11/29/2013 17:39 EST | Updated 01/29/2014 05:59 EST

Boost base salaries of Quebec politicians, committee recommends

A committee recommends the annual base salary of Quebec’s provincial politicians should be boosted by about $50,000, while bonuses and discretionary allowances be eliminated.

Retired judge Claire L'Heureux-Dubé, who chaired the independent committee that examined the remuneration of Quebec MNAs, said Quebec politicians need to be more transparent about how much they get paid.

Right now, MNAs in Quebec get a base salary of just over $88,000.

But they also get bonuses — like a tax-free discretionary allowance of $16,000 per year — to spend as they see fit.

L'Heureux-Dubé said Friday that it’s time to get rid of all those hidden costs to make the system more transparent.

“They are afraid of the response of their constituents if they raise their salaries. So they use all kinds of techniques to do the same thing, but it's not transparent,” said L'Heureux-Dubé, whose recommendations come a day after the finance minister announced Quebec will end the year with a $2.5 billion deficit.

Recommendations would mean big salaries for some

The independent committee suggests that MNAs’ annual base salary be bumped up to $136,000, while bonuses be eliminated.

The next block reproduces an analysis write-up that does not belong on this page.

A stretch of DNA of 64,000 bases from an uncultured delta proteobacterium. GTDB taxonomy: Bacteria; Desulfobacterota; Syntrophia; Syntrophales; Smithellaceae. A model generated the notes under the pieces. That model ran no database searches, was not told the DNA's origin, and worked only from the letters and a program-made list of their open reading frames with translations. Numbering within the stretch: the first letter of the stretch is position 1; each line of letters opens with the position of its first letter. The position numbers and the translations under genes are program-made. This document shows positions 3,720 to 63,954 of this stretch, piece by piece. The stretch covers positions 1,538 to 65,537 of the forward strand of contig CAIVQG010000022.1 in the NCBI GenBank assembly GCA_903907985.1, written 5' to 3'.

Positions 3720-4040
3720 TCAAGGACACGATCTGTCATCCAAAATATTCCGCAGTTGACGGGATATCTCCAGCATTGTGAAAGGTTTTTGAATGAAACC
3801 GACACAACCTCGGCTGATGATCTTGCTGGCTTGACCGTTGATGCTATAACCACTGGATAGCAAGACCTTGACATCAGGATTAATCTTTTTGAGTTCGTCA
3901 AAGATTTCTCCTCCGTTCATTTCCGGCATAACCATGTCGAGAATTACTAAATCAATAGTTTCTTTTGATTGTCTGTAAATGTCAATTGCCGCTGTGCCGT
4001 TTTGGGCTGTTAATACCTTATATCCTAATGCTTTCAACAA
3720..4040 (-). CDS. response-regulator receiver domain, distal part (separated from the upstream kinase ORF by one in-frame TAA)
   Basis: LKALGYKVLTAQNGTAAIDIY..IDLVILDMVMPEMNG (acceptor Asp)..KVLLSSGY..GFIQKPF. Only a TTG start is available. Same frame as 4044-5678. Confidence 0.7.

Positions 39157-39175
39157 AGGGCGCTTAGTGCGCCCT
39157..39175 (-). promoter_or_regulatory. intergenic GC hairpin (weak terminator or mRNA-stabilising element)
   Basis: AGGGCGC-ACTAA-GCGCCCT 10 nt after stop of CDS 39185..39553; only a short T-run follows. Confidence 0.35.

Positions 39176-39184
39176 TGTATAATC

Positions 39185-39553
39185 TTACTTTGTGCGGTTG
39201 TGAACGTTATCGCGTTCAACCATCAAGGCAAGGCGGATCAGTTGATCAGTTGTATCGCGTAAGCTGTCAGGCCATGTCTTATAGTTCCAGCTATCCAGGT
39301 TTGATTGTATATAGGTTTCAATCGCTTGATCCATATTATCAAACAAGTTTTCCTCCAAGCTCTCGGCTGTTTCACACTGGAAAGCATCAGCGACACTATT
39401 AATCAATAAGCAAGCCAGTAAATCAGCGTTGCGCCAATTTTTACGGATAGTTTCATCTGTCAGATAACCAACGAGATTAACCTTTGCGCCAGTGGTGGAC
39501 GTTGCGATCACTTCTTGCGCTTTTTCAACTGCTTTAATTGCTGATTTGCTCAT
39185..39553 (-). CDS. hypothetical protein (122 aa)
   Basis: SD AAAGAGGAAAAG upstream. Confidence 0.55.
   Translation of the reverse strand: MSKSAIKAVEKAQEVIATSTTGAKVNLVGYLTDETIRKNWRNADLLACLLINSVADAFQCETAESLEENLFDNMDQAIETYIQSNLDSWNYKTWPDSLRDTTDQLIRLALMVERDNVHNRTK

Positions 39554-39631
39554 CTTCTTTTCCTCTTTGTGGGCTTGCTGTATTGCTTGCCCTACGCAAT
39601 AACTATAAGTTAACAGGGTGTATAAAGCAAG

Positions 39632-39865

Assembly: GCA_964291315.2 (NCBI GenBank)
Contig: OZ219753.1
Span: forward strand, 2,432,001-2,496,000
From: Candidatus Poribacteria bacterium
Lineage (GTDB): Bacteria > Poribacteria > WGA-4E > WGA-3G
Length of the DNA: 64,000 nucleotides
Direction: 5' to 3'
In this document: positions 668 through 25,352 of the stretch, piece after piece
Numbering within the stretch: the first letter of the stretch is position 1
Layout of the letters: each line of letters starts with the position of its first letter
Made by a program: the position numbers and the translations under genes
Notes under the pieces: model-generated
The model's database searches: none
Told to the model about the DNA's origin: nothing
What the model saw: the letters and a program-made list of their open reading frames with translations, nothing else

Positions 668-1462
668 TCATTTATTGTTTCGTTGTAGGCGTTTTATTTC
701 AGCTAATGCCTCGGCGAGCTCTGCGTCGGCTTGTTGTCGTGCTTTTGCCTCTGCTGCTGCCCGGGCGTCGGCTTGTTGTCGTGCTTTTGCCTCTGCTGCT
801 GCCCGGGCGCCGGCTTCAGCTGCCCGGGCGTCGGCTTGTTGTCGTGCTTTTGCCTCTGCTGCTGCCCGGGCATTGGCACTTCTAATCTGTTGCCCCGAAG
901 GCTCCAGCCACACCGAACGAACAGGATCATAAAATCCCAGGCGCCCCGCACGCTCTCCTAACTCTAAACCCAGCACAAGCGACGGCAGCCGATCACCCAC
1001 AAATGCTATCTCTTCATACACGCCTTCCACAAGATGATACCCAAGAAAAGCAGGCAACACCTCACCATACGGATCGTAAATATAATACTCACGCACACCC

This plan will see major salary hikes for high-ranking politicians who hold important positions:

- Quebec Premier Pauline Marois: from $181,000 up to $272,000 a year

- Cabinet Ministers: from $154,000 to $218,000 a year

- Committee Chairs: from $110,000 to $163,000 a year

No extra cost for taxpayers

The committee insists the changes to the salary system won't cost taxpayers more — it says the higher base salaries would be paid for by the increased income taxes on MNAs' paycheques, and by the elimination of bonuses for those who leave office before the end of their mandates.

“We need to read it thoroughly,” said PQ Minister Bernard Drainville, adding that it could be some time before anyone decides what to do with the recommendations.

“Don't ask me whether we should be getting a better pay than the one we are getting. This is not a question I am comfortable to answer.”